If you take into account other economic impacts in developed nations – such as air travel disruption, impacts on electric-utility operations, temporary shut downs of extractive industries and community businesses, etc. – real costs of extreme weather events are significantly higher. No wonder there has been so much talk in Doha of “Loss and Damage.” But how exactly do negotiators and insurance actuaries account for loss of life or put a price tag on grief?
I am reminded once again of the comment from my Kenyan friend, Samwel, in an email just before I left for Qatar:
“Climate change is now speaking for itself and it’s up to us humans to act, to mitigate, or suffer the consequences.”
In many news feeds today there was coverage of the emotional pleas of the chief negotiator for the Philippines, Naderev Saño, pleas which echo those of Samwel:
“As we sit here in these negotiations, even as we vacillate and procrastinate here, the death toll is rising. There is massive and widespread devastation. Hundreds of thousands of people have been rendered without homes. And the ordeal is far from over, as typhoon Bopha has regained some strength as it approaches another populated area in the western part of the Philippines.
I appeal to the whole world, I appeal to the leaders from all over the world, to open our eyes to the stark reality that we face. I appeal to ministers. The outcome of our work is not about what our political masters want. It is about what is demanded of us by 7 billion people.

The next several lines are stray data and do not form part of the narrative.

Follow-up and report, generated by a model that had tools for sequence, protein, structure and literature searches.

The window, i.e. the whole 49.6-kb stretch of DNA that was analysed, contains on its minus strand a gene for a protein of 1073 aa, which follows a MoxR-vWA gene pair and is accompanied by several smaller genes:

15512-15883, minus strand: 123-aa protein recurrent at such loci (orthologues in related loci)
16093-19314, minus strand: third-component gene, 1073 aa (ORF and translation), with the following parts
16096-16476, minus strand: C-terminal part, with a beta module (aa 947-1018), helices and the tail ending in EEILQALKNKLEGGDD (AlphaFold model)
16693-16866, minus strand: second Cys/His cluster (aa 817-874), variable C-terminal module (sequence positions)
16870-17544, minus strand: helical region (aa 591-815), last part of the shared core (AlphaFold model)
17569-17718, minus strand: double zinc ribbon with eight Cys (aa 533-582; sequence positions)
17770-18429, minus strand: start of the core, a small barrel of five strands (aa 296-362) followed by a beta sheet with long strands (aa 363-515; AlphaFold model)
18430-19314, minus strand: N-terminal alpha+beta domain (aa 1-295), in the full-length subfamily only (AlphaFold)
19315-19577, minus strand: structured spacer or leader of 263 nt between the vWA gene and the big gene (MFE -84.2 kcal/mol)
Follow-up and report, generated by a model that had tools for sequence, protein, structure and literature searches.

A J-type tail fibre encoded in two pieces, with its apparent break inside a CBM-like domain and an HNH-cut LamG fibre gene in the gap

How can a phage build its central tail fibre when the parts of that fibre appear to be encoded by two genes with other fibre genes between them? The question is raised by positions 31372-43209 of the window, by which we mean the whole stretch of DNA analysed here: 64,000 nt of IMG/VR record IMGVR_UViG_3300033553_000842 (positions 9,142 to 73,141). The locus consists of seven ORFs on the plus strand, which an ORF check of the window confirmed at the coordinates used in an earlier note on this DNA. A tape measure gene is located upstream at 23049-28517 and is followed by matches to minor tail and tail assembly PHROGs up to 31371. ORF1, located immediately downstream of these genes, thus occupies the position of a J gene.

I appeal to all, please, no more delays, no more excuses. Please, let Doha be remembered as the place where we found the political will to turn things around. Please, let 2012 be remembered as the year the world found the courage to find the will to take responsibility for the future we want. I ask of all of us here, if not us, then who? If not now, then when? If not here, then where?”
Our colleagues from York College in PA had another op-ed published this week in the Huffington Post expressing the growing frustration amongst youth. Two Arab youth activists from Libya and Algeria were expelled from the conference today. Their offense? Displaying a banner that read: “Qatar: Why host and not lead?” A coalition of NGO’s today issued a statement claiming that the climate talks in Doha were “sleepwalking toward disaster.”
I completely understand this frustration. The science tells us what we should be doing. Those paying attention to events around the world don’t even need the science. But we should all be screaming about the inaction and the costs that we will eventually pay because of it.
At a previous UNFCCC meeting, the youth wore blue t-shirts worn by youth at a previous U.N. meeting that included a quote from Christina Ora, a youth delegate from the Solomon Islands in 2009:
"You have been negotiating all my life. You cannot tell me you need more time."
Apparently, the negotiators think we have time. After all, even if a new legally-binding agreement is reached (by 2015), it likely won’t go into effect until 2020. So let’s start keeping a tally of measurable costs of damage due to extreme weather events, along with the loss of life and livelihood. The cost of inaction is likely to be very high indeed.